Edinburgh, Fife & East Scotland

Driver Daniel Brackenbury caused death of passenger

Daniel Brackenbury
Image caption Brackenbury pled guilty to causing the death of his friend by driving dangerously

A young driver who killed a friend in a crash on a dark, country road in wintry weather was estimated to be travelling at more than 85mph, a court has heard.

Daniel Brackenbury lost control of his car and hit a bridge in Fife resulting in the death of his 19-year-old front seat passenger Darren Robertson.

The High Court in Edinburgh heard the crash happened in December 2011.

Brackenbury, 21, from St Monans, in Fife, pled guilty to causing the death of Mr Robertson by driving dangerously.

A motorist who was driving behind Brackenbury estimated that he must have been travelling at more than 85mph before leaving the road.

Parents 'bereft'

Police accident investigators believe his Honda Civic was likely to have been launched through the air.

The vehicle landed in a field more than 21m from the point of impact, after the crash on the B9171 between Dunino and Ansthruther.

Brackenbury admitted driving at excessive speed for the road and weather conditions and causing his vehicle to cross the carriageway and leave the road.

Advocate depute Richard Goddard said: "The loss of their only son at the age of 19 has left the parents of Darren Robertson bereft."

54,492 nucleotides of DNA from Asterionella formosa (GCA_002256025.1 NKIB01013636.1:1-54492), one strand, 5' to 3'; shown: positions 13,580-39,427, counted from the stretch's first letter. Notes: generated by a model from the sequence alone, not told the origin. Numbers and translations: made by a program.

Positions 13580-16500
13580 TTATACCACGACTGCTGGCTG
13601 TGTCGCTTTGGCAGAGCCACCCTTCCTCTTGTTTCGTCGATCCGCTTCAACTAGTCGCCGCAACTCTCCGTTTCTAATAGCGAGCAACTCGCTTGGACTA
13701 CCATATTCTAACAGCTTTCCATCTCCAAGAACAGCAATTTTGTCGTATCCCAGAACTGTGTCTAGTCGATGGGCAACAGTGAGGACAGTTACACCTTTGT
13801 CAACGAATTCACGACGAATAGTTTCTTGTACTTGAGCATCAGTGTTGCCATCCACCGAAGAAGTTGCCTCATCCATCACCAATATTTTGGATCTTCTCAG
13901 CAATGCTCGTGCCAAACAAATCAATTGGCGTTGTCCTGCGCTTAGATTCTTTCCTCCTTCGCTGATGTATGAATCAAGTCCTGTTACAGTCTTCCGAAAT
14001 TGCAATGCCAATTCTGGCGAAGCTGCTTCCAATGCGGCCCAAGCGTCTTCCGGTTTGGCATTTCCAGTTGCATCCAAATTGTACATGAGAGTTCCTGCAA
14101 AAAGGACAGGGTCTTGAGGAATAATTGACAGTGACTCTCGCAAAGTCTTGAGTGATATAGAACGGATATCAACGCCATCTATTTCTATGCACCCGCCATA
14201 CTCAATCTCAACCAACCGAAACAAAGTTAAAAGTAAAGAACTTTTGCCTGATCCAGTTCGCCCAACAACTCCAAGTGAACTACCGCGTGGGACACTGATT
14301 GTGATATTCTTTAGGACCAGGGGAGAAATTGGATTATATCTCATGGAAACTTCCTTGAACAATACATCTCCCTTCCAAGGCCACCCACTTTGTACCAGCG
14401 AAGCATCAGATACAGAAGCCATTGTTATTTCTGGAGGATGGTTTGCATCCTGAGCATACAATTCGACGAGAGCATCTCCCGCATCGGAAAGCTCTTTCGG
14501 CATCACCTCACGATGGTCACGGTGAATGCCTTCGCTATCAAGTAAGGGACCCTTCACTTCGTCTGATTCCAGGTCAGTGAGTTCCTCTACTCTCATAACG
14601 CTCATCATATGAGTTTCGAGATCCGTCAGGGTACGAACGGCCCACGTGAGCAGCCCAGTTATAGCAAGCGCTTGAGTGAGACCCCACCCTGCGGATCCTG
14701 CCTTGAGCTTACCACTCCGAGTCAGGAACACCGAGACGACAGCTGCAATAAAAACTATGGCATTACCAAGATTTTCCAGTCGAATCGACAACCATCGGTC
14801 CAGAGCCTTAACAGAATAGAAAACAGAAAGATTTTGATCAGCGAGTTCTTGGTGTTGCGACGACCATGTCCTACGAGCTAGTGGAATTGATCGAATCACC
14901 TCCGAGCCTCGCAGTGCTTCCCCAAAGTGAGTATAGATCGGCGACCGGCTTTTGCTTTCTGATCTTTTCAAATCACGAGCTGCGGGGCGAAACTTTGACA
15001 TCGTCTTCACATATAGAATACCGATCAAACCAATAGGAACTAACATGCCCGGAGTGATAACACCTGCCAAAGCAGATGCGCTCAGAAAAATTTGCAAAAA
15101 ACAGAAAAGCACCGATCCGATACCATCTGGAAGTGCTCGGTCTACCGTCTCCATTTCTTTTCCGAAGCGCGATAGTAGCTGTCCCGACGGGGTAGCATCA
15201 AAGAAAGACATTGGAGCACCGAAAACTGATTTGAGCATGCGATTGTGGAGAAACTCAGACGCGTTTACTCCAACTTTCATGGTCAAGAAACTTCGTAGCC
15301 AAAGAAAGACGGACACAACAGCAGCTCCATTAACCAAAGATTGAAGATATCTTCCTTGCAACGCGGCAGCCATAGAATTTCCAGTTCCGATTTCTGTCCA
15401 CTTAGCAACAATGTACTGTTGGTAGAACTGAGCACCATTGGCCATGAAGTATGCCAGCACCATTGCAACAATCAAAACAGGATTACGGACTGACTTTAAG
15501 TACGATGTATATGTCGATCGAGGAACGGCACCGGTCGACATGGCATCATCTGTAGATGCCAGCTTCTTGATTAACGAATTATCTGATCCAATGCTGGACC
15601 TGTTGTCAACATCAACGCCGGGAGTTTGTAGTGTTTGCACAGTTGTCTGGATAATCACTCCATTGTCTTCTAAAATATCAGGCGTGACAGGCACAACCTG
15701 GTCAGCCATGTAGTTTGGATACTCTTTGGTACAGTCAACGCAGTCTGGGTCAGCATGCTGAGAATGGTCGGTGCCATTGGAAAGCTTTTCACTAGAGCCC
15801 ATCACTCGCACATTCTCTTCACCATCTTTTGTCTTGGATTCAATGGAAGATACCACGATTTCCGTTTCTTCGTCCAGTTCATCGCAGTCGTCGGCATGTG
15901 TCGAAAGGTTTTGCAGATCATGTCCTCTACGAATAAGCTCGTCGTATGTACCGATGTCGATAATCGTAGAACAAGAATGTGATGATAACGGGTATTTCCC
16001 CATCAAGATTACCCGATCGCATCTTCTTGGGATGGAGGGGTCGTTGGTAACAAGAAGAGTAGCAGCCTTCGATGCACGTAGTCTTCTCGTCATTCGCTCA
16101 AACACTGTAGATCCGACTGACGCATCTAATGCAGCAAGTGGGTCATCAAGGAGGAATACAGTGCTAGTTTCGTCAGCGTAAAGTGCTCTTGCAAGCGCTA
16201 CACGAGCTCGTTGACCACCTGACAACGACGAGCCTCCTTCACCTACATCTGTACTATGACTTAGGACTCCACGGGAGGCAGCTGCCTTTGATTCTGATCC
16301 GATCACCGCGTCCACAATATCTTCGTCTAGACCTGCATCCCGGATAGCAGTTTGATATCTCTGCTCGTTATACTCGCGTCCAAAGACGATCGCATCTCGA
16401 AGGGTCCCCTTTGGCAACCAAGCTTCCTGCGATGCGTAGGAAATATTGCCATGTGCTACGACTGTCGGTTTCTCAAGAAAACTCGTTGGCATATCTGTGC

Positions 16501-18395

After the crash firefighters had to remove Brackenbury and Mr Robertson from the vehicle.

'Deep remorse'

Brackenbury was flown to Ninewells Hospital in Dundee with serious leg injuries. Mr Robertson was pronounced dead. He suffered multiple injuries, including a severe head trauma.

Brackenbury was later interviewed by police and could not remember any of the events of the day of the accident.

The court heard that at the time of the crash there had been a recent heavy fall of snow, but the road was in a good state of repair and no defects were found on the Honda car.

Defence counsel Ronnie Renucci said Brackenbury recognised that there was nothing he could say that would lessen the impact for the loss of Mr Robertson on his family, but expressed his "deep remorse".

The judge, Lord Bannatyne, deferred sentence on Brackenbury for the preparation of a background report.

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